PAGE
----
If I’ve heard it once, I’ve heard it a thousand times: How do you create viral content? The question itself gives the impression that creating viral content is as simple as plugging some information into a formula and voila you’ve gone viral. Unfortunately, it’s not quite that simple.
See, going viral requires doing all the right things plus catching lightning in a bottle. In other words, it’s an inexact science at best, but there are certainly several things you can do to increase your chances of going viral.
Here are some tips to get you started.
1. Identify your goals—What’s the purpose of your viral campaign? Are you looking to promote a new product your company is launching? Or are you simply trying to build inbound links for your site? Knowing what it is that you’re trying to accomplish plays a key role in determining the type and format of the content you’ll create.
2. Do your research—Before you blindly create a piece of content for the sake of going viral, spend a little time studying what it is that makes content go hot. One easy way to do this is to visit a site like Digg or ReddIt. Take a look at the front page to see which stories and videos have been shared the most. Take a look at the headlines, the subject matter, and the tone of the content to identify common themes. Also, pay attention to those annoying email FWDs you get from co-workers and family. Those are viral too, and you need to figure out what it is that makes people pass those along.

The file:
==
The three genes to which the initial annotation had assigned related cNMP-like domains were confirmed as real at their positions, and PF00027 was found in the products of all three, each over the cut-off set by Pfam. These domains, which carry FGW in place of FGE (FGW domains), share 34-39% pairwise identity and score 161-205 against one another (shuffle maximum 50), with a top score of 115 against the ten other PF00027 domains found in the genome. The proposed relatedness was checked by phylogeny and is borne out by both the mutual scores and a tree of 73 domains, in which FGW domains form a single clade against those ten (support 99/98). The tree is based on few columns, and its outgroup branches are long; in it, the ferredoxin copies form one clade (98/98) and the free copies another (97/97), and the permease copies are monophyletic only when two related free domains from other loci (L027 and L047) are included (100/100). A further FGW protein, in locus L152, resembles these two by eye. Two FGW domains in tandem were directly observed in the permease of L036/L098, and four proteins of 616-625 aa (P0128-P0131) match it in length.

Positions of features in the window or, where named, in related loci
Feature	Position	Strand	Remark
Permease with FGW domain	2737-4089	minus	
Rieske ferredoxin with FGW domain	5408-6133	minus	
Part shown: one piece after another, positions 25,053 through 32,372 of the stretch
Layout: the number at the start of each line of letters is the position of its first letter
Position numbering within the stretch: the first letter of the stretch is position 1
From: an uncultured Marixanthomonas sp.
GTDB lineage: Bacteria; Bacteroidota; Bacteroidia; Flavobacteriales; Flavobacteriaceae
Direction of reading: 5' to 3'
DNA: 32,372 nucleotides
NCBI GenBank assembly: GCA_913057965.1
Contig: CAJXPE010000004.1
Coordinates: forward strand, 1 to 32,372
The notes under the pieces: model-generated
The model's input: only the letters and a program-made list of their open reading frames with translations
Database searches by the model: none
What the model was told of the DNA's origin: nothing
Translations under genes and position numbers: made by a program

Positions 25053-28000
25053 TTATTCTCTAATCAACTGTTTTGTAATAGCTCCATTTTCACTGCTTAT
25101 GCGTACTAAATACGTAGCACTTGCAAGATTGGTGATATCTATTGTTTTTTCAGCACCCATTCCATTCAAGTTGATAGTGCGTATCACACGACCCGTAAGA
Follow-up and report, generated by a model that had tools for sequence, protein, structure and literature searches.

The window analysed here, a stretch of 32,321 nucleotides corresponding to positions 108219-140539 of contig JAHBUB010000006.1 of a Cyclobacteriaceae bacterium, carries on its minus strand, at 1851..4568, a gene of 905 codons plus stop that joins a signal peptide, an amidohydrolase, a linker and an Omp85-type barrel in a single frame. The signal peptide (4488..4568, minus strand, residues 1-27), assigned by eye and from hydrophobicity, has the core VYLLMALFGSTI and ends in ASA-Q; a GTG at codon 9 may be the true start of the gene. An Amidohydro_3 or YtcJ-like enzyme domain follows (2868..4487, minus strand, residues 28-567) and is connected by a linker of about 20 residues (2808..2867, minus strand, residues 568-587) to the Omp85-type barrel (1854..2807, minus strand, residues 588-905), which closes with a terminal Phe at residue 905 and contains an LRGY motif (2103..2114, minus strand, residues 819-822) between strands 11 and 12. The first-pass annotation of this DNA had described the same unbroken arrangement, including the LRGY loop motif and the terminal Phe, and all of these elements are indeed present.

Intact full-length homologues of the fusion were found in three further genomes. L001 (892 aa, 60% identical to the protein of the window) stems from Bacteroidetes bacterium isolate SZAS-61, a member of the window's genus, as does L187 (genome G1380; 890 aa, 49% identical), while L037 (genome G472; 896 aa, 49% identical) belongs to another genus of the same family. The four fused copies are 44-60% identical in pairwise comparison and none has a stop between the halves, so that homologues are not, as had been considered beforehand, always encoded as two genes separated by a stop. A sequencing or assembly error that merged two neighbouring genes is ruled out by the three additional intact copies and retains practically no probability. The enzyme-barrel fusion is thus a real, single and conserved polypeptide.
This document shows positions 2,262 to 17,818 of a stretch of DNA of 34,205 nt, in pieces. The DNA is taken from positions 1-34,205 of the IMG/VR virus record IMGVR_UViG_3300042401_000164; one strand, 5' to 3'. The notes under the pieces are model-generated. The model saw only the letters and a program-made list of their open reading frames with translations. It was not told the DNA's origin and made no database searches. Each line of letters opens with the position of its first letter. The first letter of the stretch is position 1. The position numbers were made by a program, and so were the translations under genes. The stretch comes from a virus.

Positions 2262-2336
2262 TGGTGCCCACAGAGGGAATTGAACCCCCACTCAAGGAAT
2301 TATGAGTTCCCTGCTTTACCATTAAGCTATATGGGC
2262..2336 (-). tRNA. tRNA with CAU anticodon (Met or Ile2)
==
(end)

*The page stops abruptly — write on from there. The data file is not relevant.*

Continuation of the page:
3. Have a network in place—Viral marketing is like the snowball effect. It starts off small, and as it keeps rolling, it gets bigger and bigger and spreads faster and faster. To get that snowball rolling, you need to have a network in place who can help you spread your content. Social media power users and fellow bloggers make for great allies in pushing your content.
4. Make it easy to understand and to share—Going back to the earlier point about those email FWDs we all know and love, the reasons they go viral so easily is because the content is easy to understand and even easier to share (simply fwd it to your address book). Whether the content you’re trying to make go viral is a blog post or a flash game, make it easy for new users to instantly understand and simple for them to share with their friends (social bookmarking buttons are a good start).
5. Focus on the headline—One thing you’ll notice when you visit Digg or Reddit is that most of the stories that hit the front page have headlines that instantly make you want to click on them. Copyblogger has a great resource for writing powerful headlines.
6. Host a contest—A contest with a worthwhile prize is almost always a lock for achieving some level of viralism (okay, I made that word up). Recently, I came across a contest being co-hosted by a prominent web hosting company and a well-known tech blog giving away an iPhone every day for a month. To enter for the day, all participants had to do was send out a ReTweet about the contest. In other words, the only way they could have a chance to win the iPhone was to help further spread the message of the contest, thus making the contest go viral.
7. Make sure you have a good hosting plan—Speaking of web hosting, before you launch any viral campaign, you’d better be certain you have a good hosting plan in place. Should you be lucky enough to hit the front page of ReddIt or to go hot on Twitter, you’ll have thousands of visitors every hour. Check with your hosting company to make sure your server is capable of handling this surge of traffic.
Have you had any success with viral marketing? Share your stories in the replies.